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Confidence Gap Hurts Local Charities, According To UC Irvine's 1996 Orange County Annual Survey
Many of Those Who Give Nothing to Charity Are Never Asked, Survey Shows
Irvine, Calif., December 3, 1996
Orange County residents might be more generous with their money if they had more confidence in local charities, according to UC Irvine's 1996 Orange County Annual Survey.
This year's survey included some new questions on charity to help explain why residents give less than might be expected in such an affluent county.
Only one in five residents has a great deal of confidence that local charities spend the money they receive wisely or can produce results. And fewer than half of residents in all income groups say they are very often asked to give to local charities. Yet, those who have more confidence and those who recall being asked are more likely to give, the survey shows.
The random-sample telephone survey of 1,000 adult residents was conducted by Mark Baldassare, professor and chair of the Department of Urban and Regional Planning in the UCI School of Social Ecology, and research associate Cheryl Katz. The survey period was Aug. 30-Sept. 8, and the margin of error is plus or minus 3 percent.
Katz said this year's survey gives charities information that could help them develop more effective strategies for attracting donors. "The fact that fewer than half of the households with incomes over $80,000 a year are asked for donations very often indicates that charities could do a much better job of reaching the population of Orange County," she said.
The survey shows that residents are likely to respond to appeals for support.
Three in four residents who were very often or sometimes asked to give donated at least $100, compared to only about half of those who were seldom or never asked. Thirty-six percent of residents who say they are never asked for donations gave nothing.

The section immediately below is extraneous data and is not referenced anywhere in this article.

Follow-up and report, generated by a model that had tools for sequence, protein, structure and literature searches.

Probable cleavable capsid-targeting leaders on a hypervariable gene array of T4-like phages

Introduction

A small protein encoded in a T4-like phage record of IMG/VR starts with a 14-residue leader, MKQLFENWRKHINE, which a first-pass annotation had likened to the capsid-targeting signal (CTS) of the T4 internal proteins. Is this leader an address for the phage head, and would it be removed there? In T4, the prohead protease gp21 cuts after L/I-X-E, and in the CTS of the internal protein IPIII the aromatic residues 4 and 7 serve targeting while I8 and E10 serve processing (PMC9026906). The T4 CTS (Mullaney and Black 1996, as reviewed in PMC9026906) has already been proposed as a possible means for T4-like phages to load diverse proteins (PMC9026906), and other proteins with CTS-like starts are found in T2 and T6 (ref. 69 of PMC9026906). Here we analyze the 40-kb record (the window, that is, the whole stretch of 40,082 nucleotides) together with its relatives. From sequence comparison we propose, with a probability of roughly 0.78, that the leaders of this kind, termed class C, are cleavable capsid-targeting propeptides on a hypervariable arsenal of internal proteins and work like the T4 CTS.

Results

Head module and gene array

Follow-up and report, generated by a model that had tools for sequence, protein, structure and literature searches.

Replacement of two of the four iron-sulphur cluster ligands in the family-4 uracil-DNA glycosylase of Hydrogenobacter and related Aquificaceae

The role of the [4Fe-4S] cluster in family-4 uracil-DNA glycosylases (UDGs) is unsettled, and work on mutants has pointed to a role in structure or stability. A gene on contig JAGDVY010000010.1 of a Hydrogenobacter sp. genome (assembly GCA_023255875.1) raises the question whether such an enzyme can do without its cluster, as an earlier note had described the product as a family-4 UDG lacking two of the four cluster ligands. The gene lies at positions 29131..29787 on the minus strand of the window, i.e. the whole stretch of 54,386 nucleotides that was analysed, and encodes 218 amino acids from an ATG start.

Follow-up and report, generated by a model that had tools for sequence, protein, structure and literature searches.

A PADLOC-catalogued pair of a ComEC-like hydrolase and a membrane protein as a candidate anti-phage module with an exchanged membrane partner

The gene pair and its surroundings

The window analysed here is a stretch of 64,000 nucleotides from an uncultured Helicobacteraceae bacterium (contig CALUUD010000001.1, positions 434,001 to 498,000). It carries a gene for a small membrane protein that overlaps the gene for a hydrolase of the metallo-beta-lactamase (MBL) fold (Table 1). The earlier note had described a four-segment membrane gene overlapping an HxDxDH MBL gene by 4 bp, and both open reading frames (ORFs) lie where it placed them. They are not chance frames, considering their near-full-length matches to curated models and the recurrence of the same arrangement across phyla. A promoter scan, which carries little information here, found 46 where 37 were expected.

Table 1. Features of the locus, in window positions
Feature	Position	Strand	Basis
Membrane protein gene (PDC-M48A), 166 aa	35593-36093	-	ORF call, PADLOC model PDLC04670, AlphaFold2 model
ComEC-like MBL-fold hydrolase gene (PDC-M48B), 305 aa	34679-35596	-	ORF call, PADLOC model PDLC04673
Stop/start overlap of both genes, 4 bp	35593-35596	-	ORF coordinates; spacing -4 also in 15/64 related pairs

The survey also shows that residents' skepticism about Orange County charities may be keeping donations down. Only 18 percent have a great deal of confidence that local charities spend money wisely, and only 19 percent are highly confident that local charities can produce results.
Those who do have confidence in local charities are more likely to make donations. Of those who have a great deal of confidence, 37 percent gave more than $500, and of those with some confidence, 32 percent made large donations. Among residents with little or no confidence in the way local charities spend money, only 24 percent gave more than $500.
"We have a confidence gap, and until people feel more trust than they do today, they're not going to feel comfortable enough to write checks to local charities," Baldassare said.
Some types of charities have more work to do than others. Hospitals and medical causes, and programs to help the needy, experienced a 10-point drop in the number expressing "very favorable" support since this question was last asked in 1987.
Nonetheless, of the four types of charities mentioned in the survey, programs to help the needy remained the most popular, with 37 percent saying they were "very favorable" toward giving to this type of cause. Churches and religious groups were next with 32 percent, followed by hospitals and medical causes (25 percent) and museums and performing arts groups (18 percent).
Overall, giving increased in Orange County during the past year. The median contribution to charity was $253, up from $177 last year but within the range seen in the last decade.
"There's been little change over the past 10 years in the amount people give, yet we know the need for charity has increased," Baldassare said. "Poverty in the county has increased sharply since the 1980 census, and welfare reform is going to make it necessary for local areas to step up their efforts to help people in need.
"Until charities in Orange County do a better job of distinguishing themselves as organizations that can and do make a difference, we're going to have a problem."
The 1996 Orange County Annual Survey is the 15th conducted by Baldassare, who currently is a visiting scholar at the Public Policy Institute of California, where he is writing a book about the Orange County bankruptcy.
Beginning Dec. 3, complete results of the 1996 Orange County Annual Survey will be available online.
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